ABUJA (Reuters) -
The Nigerian Army is preparing to forcibly transfer the sick to hospital and enforce curbs on movement to try to shield the country from coronavirus, and is leasing equipment for “possible mass burial”, according to an army memo seen by Reuters.
The memo from Army headquarters also outlines plans to protect government food storage from looters as Africa’s most populous nation braces for the illness to spread further in the country.
“Following the rise and continuous spread in cases of the coronavirus disease (COVID-19) in Nigeria, the (Chief of Army Staff) has deemed it necessary for all to take protective measures to ensure the safety of (Nigerian Army) personnel and their families,” the memo said.
There are currently 46 confirmed cases in Nigeria, and one death, but the infection has hit the top levels of society, infecting President Muhammadu Buhari’s chief of staff.
With a population of 200 million, 20 million of whom are packed in the commercial capital of Lagos, many fear the virus could spread quickly without containment.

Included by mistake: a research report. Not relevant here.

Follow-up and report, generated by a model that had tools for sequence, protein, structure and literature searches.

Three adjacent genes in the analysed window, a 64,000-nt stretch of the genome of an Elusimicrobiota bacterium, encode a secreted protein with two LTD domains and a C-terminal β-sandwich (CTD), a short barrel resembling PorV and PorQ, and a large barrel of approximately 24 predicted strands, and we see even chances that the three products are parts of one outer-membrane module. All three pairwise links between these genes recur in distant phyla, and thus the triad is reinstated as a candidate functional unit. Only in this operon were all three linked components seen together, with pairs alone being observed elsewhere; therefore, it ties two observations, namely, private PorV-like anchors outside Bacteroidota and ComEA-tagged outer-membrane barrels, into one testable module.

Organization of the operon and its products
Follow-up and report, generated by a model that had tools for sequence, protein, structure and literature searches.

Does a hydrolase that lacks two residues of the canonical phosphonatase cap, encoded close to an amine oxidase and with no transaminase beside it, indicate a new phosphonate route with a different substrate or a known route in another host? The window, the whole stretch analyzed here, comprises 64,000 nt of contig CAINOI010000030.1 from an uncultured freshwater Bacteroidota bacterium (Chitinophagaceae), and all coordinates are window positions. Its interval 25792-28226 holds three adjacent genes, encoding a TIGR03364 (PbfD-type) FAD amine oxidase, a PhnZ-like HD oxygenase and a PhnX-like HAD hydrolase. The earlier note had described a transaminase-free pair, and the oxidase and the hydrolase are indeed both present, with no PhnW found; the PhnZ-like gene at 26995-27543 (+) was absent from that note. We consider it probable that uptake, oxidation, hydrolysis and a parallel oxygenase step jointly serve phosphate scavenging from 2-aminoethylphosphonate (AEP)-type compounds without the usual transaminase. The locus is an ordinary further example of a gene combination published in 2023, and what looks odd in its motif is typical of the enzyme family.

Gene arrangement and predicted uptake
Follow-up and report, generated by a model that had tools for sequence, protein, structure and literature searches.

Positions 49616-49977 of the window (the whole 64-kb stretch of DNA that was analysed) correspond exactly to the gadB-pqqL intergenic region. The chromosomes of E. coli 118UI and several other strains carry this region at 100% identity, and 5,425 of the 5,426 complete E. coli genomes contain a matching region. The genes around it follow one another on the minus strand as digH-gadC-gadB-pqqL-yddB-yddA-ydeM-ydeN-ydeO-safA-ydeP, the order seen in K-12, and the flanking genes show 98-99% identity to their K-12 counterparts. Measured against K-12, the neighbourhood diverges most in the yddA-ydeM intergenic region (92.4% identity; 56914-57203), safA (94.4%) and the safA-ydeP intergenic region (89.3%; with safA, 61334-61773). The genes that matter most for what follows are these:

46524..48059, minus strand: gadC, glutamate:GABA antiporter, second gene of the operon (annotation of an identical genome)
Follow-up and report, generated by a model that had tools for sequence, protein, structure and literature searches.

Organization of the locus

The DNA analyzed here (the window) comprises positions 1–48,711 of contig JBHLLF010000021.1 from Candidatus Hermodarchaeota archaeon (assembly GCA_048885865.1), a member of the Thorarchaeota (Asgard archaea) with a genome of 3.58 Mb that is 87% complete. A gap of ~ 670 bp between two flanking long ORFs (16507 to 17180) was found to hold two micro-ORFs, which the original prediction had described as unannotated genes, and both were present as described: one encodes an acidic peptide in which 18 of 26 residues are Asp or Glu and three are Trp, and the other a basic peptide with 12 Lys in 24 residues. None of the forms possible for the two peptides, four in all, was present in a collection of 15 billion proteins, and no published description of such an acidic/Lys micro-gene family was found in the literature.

The memo said the army is suspending all leave passes for all personnel and called for them to be on “maximum security alert and be ready for deployment.”
The virus has swept across the world, killing thousands and forcing millions into quarantine. Several nations have activated armed forces to help combat it.
South Africa deployed its army to enforce a 21-day lockdown that begins this week, and U.S. President Donald Trump activated the National Guard in New York, California and Washington.
The U.S., French and Moroccan armies have set up field hospitals, and Russian President Vladimir Putin ordered the army to carry out drills to increase readiness to fight coronavirus if necessary.
On Wednesday, Nigeria’s Rivers state governor said he would close the borders to human movement in or out of the state starting on Thursday to protect it from coronavirus.
The state’s capital city, Port Harcourt, is the gateway to the oil-rich Delta region, and companies such as Nigeria LNG and Royal Dutch Shell have key offices in the city. Neither company immediately commented on how the closure might affect their operations.
Oil provides more than half of Nigeria’s government revenue.